Home outdoor space trends for 2020 have kids, pets and wildlife in mind
This year, homeowners looking to redesign their outdoor spaces will be doing it with kids, pets and wildlife in mind. They also are interested in having functional front yards they can sit in and enjoy, plants that don’t guzzle water and quiet corners for chilling out.
Yardzen, a North Bay-based online landscape design platform, analyzed data from 12,000 design profiles completed on their website and cross-checked their findings with other sources such as the American Institute of Home Design Trends Survey and Architectural Digest, to determine the top trends for 2020.
Some of the findings? People want their own “Zen Dens” for quiet relaxation, “Playscapes” for the kids, “Petscapes” for pets, full-on furnishings for their outdoors to
rival anything inside and fire pits that give the feeling of camping in their own backyards.
They’re also favoring permeable hardscapes like decomposed granite and plantings that are both water efficient and provide habitat for birds and insects. They’re engaging in “conscious construction” that makes use of existing features to reduce waste.
The findings reflect a continuing shift toward landscapes that are more environmentally sustainable than the big sprinkler-fed lawns edged with showy border plants that were the norm for so many decades.
An “extraordinarily high number” of people who filled out online profiles on the Yardzen website are interested in having more natural landscapes, a trend Pinterest users are calling “re-wilding.”
“It’s a term that applies to taking the residential landscape and turning it back to a natural landscape with native plants and pollinator plants,” said Allison Messner, who co-founded the company with her husband, Adam. “There is this general sense that we all need to be doing something to get ourselves out of this predicament with climate change. This feels like something people can do.”
The Messners dreamed up the concept for an online landscape design service two years ago after the Tubb’s fire ripped through their weekend property in Knight’s Valley, torching their new landscape but fortunately bypassing the home.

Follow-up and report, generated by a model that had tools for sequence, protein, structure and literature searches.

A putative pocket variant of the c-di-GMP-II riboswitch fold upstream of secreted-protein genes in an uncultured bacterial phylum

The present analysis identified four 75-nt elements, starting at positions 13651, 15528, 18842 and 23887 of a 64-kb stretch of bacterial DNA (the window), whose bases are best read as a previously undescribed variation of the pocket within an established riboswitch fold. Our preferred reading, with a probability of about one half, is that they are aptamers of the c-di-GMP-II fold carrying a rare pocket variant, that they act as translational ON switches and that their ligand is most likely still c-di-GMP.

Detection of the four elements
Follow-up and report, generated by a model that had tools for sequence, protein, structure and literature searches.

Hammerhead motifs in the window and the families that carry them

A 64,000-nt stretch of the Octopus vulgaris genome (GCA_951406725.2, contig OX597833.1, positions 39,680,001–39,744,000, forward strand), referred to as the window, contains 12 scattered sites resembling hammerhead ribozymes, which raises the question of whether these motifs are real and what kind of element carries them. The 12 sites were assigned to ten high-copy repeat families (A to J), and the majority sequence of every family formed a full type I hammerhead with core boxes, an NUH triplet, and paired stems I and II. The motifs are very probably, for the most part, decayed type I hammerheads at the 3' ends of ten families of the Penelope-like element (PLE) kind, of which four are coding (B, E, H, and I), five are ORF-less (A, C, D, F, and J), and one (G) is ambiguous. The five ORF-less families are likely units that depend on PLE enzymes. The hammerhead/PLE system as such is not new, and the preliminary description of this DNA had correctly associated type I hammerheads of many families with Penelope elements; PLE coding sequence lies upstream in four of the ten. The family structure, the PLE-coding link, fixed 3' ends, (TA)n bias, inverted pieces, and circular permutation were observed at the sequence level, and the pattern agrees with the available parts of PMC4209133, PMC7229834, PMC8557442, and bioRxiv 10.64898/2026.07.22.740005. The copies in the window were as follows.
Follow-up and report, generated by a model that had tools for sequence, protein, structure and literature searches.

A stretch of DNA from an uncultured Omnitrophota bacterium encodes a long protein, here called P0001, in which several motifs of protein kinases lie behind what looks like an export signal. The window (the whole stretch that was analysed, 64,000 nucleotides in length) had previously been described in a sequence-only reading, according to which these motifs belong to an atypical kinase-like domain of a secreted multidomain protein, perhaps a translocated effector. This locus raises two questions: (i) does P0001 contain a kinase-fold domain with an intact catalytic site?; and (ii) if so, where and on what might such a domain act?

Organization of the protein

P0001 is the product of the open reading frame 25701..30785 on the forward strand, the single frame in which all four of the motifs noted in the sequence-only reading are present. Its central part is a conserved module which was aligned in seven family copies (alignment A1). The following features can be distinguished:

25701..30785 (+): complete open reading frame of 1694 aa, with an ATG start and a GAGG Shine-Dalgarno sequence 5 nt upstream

The couple began researching design services to make a plan to replace what was lost. The cost of professional plans was daunting.
So they created a way to offer custom design services online, using professional landscape designers and architects around the country, 3D modeling software, satellite imagery, plant and data science and good old cellphones to bring down the cost to about $1,500 for a complete landscape plan.
They now have about 40 designers with degrees in landscape architecture who will draw up custom plans.
Now, at the dawn of a new decade, these are the top trends:
Conscious construction. Homeowners want to do their part to cut down on the 569 million tons of construction and demolition debris generated each year. Messner said 93% of respondents said they want to retain some existing elements in their yards, from decks and mature trees to fences, by working around them, moving them or re-purposing them. She pointed to a Marin couple who considered scrapping their old Jacuzzi for an in-ground hot tub but opted instead to enclose their old tub with a new wooden deck so it feels like an in-ground spa.
Re-wilding. Natural landscapes that incorporate plants and trees native or well-adapted to the climate are now going mainstream; 91% of survey takers said they want plants that draw bees and butterflies, and 76% want native or climate-adapted plants in their yards. These environmentally sensible landscapes tend to require less water and maintenance.
The new garden. Annual household spending on gardening increased from $400 to $503 in 2019, according to industry research analysts, a trend driven primarily by young adults aged 23-38, who comprise nearly a third of all gardening households.
“Gardening (today) looks a bit different than my own gardening when I was a kid,” Messner said. “A lot of people are asking for one or two raised beds. They want things like cocktail gardens, children’s gardens or herb gardens. They want gardens with a purpose. They want to be closer to their food and they want kids to be able to get their hands dirty in the backyard.”
Functional front yard. The new front yard is a place where homeowners can find a sense of community and connect with neighbors. No longer is the front space about curb appeal. It’s a place of utility. That means patios and spaces for pets and for kids to play. Messner said the new front patio harkens back to the front porch of the past, when people could relax and wave to or chat up their neighbors. People also want food gardens in front for neighborhood sharing, something that once was not only unheard of, but frowned upon as a blight on the street. Some folks are fencing their front yards to make them safe play spaces for kids and pets.